The Paris Review
‘The literature that arose from the influenza pandemic speaks to our current moment in profound ways, offering connections in precisely the realms where art excels: in emotional landscapes, in the ways a past moment reverberates into the present, in the ineffable conversation between the body’s experiences and our perception of the world.
Right now, every few days brings another reality into focus; what seemed far-fetched yesterday arrives tomorrow. The past is always another country, but the speed at which knowledge becomes outdated, naivete turns to realization, and basic truths change is dizzying during a pandemic.
One’s reality doesn’t simply shift in a pandemic; it becomes radically uncertain—indeed, uncertainty is the reality. The unpredictability of the COVID-19 virus and all we don’t know about it means we have no idea where we are in the story or even what story we are in. Is this the first wave of something even deadlier to come? Have we reached the top of the curve? What’s the scope of the tragedy? Is the economy the real story? What do we think we know now that may prove fatally wrong? The narrative uncertainty causes many of us to turn to genre fiction and predictable movies (even if they are about disaster)—they allow us to pull down another story like a shade and sit in a place where we already know the ending.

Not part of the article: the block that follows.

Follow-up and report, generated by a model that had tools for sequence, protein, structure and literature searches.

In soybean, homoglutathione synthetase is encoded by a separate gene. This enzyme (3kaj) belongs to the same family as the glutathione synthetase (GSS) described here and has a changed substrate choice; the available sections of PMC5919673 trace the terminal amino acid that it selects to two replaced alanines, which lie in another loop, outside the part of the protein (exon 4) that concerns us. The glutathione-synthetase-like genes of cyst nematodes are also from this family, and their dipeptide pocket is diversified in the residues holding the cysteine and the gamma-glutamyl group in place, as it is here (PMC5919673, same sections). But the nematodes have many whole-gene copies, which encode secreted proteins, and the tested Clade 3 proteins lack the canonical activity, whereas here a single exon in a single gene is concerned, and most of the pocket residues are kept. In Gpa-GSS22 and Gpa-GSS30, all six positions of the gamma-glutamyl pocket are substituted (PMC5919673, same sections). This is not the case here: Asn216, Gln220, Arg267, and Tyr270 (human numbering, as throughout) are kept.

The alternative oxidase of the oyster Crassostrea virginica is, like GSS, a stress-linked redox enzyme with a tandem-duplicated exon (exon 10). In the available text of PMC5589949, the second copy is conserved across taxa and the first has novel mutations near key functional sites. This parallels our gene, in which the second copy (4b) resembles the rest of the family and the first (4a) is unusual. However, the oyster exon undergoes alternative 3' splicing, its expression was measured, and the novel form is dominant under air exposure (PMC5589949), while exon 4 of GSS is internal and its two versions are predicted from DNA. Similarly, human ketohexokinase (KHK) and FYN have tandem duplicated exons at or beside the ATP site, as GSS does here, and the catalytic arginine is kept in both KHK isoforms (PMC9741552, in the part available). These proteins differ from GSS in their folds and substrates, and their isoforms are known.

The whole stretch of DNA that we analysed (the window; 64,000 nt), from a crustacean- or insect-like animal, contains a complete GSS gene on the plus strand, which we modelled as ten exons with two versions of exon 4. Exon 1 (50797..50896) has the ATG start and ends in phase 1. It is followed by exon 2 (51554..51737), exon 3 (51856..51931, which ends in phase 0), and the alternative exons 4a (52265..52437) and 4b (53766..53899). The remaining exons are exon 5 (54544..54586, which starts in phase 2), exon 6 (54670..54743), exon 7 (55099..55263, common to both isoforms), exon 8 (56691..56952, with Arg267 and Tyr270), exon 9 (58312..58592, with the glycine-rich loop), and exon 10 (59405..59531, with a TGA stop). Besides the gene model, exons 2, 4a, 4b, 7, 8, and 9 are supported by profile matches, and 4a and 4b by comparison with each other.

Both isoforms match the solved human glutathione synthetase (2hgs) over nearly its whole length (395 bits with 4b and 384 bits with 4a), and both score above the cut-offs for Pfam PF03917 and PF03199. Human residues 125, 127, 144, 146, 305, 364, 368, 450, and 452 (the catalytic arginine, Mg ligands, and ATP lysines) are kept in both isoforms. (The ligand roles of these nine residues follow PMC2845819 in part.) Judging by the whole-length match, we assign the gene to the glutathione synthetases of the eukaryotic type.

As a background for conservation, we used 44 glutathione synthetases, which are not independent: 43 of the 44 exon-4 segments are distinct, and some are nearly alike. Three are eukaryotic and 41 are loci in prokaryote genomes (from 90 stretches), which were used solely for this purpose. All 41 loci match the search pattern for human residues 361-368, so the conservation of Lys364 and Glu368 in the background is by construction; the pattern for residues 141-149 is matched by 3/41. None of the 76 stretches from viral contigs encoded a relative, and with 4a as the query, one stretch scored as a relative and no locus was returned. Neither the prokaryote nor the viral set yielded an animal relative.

And finally, there comes the aftermath, both for our bodies and for our culture. How do such experiences live on in the cells, in the memory, in the streets? The continued sense of living death, of an experience that marks us with its shadow, echoes even after a pandemic passes. Woolf’s Mrs. Dalloway, so often read as a novel capturing the aftermath of war—which it most certainly does—also records in its title character the physical and mental exhaustion that lingers after an illness. Like Woolf, Clarissa Dalloway has heart damage from her encounter with influenza, and as she moves through the streets of London and at home, she sees her world through her sense of bodily vulnerability, her very heartbeat and its lags pulsing through the memories of her illness. The sights and sounds and smells of the sickroom float back through her consciousness, shifting the ways she perceives the London day. Whether in illness or in observation, our own bodies are busy now. They are recording our pandemic, setting in place the reverberations that will echo into our future.’